Jonathan Steinhauer's MMO ColumnClausewitz "On Gaming" - Effects of Victory, Part 2Jonathan Steinhauer's MMO Column - RSS 2.0
Effects of Victory, pt 2
Previously, we began our investigation of the impact of victory (and defeat) in gaming. When a player is victorious in battle, the positive benefits are practical and expected: greater wealth, experience, and reputation. This realism, however, does not extend to the faction that actually bestowed the quest. Any gains that the quest giver receives are transitory, if they occur at all.
But what happens when a player is killed? Obviously, the first issue is what to do with the body. This simple dilemma has led to widespread debate and a variety of solutions. In early games like AC, you were propelled back to a "Lifestone" with a 5% "vitae" skill penalty while a handful of your best items were left behind on the corpse. In PvP situations, that corpse was lootable by your killer. This dynamic led to the interesting phenomena of players carrying a large number of very expensive but very light and worthless items in their packs so those would drop instead of their prized armor and weapons. But even these "drop items" couldn't always prevent the random loss of particular valuables. Furthermore, though the drop items aren't intrinsically valuable, they do cost money and time to gather. Few players care to leave them needlessly behind. This led to the inevitable corpse recovery mission which, while often prone to occur at the most inopportune moments, nevertheless provided me with some of the most enjoyable challenges of the game. But alas, I do recall the loss of several suits of armor, such as one decomposed in the acid pits of the Halls of Metos.
Recognizing the problems with corpse recovery, especially in heavily guarded and more heavily lagged areas, later games like WoW streamlined their death systems. Instead of items dropping with your corpse, your "soul" (and curiously all of its equipment) separate from the body to reappear at the nearest graveyard. From there, the choice is either to be resurrected at the cost of severe item degradation or to trek back as a disembodied spirit to site of your ultimate demise and return to life at about half health. Though this is often an onerous run, you don't lose all the work you put in fighting to get to where you died (assuming you aren't swarmed as soon as you resuscitate).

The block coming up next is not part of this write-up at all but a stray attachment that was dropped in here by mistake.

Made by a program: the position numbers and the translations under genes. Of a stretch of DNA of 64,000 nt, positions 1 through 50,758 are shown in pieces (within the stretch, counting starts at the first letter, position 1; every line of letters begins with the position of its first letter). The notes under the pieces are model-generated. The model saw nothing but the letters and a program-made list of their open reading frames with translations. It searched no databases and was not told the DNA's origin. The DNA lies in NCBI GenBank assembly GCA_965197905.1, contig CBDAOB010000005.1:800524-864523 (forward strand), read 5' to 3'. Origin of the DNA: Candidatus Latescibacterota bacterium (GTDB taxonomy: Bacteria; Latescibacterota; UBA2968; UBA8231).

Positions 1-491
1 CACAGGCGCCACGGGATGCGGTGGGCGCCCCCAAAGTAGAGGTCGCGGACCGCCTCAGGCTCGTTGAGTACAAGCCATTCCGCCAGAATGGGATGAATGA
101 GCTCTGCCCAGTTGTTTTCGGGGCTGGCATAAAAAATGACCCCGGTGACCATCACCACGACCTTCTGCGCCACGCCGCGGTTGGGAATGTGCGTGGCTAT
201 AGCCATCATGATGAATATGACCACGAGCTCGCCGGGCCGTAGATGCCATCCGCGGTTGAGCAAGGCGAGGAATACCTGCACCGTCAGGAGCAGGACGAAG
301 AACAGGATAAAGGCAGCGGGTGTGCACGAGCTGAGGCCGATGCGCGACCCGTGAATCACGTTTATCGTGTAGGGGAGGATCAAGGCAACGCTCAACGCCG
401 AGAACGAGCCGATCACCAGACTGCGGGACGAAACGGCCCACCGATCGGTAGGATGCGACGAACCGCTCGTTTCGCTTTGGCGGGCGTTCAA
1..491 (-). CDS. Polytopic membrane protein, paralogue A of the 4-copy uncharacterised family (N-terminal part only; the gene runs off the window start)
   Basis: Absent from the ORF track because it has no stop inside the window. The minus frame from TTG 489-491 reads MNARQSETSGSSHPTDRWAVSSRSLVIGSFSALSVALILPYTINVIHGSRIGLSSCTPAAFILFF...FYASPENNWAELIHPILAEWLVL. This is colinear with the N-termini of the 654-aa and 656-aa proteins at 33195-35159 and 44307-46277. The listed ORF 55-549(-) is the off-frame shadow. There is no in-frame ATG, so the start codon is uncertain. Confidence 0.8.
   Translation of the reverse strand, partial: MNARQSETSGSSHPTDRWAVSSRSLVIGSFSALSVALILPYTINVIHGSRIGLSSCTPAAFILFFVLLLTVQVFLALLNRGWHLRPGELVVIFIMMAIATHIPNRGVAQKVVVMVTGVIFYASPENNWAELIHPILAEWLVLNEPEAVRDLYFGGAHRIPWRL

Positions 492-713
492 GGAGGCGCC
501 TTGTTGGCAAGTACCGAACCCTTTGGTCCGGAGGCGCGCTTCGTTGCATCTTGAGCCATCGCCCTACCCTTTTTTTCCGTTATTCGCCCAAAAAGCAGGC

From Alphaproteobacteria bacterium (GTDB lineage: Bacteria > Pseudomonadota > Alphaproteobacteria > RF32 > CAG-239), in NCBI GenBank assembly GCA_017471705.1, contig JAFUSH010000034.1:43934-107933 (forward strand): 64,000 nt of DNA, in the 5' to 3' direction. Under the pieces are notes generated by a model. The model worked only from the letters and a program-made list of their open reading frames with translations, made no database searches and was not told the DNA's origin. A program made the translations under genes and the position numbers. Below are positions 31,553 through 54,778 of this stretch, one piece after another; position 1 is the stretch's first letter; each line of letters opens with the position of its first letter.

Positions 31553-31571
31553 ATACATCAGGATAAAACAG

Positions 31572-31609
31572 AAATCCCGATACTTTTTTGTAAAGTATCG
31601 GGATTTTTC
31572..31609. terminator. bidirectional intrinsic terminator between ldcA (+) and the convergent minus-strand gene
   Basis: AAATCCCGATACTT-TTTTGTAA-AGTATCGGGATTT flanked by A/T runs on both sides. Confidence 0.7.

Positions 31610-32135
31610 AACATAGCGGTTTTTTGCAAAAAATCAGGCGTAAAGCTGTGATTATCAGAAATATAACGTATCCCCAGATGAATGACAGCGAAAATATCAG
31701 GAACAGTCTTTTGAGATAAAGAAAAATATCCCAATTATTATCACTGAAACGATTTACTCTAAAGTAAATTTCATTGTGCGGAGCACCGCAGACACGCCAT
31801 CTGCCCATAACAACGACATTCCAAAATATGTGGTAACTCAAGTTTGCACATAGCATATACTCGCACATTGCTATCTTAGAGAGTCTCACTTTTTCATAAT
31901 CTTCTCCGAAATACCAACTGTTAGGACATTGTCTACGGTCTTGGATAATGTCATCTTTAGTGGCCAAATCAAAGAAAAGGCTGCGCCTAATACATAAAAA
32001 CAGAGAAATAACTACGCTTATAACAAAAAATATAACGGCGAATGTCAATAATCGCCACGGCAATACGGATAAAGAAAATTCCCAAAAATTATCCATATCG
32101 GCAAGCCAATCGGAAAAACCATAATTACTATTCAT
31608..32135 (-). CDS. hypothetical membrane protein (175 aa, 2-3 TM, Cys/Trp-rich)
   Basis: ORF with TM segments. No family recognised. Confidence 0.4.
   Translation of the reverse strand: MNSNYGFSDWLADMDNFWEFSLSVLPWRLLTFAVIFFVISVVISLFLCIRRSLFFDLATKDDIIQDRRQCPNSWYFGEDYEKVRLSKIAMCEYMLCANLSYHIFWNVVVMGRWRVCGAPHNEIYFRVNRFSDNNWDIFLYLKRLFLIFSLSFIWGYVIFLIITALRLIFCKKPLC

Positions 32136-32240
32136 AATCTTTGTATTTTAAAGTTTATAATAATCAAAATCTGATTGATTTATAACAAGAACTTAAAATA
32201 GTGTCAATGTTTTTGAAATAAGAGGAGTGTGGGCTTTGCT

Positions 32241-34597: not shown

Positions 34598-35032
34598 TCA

More recently, LOTRO evolved this method still further by launching you (in the same old style) to their newest iteration of the lifestone, a stone circle. The only penalty suffered is a heavy dose of dread (temporary reduction in health) and the need to fight back to where you were (assuming you want to continue whatever adventure you were on). All in all, I can't help but wonder if the concept of dying has been nerfed so far as to make it rather absurd. While it is easy to carry on from such a fatal disaster (and I'm a big proponent of not having my game time consumed by tedium), the repercussions are so fleeting as to make the occurrence laughable.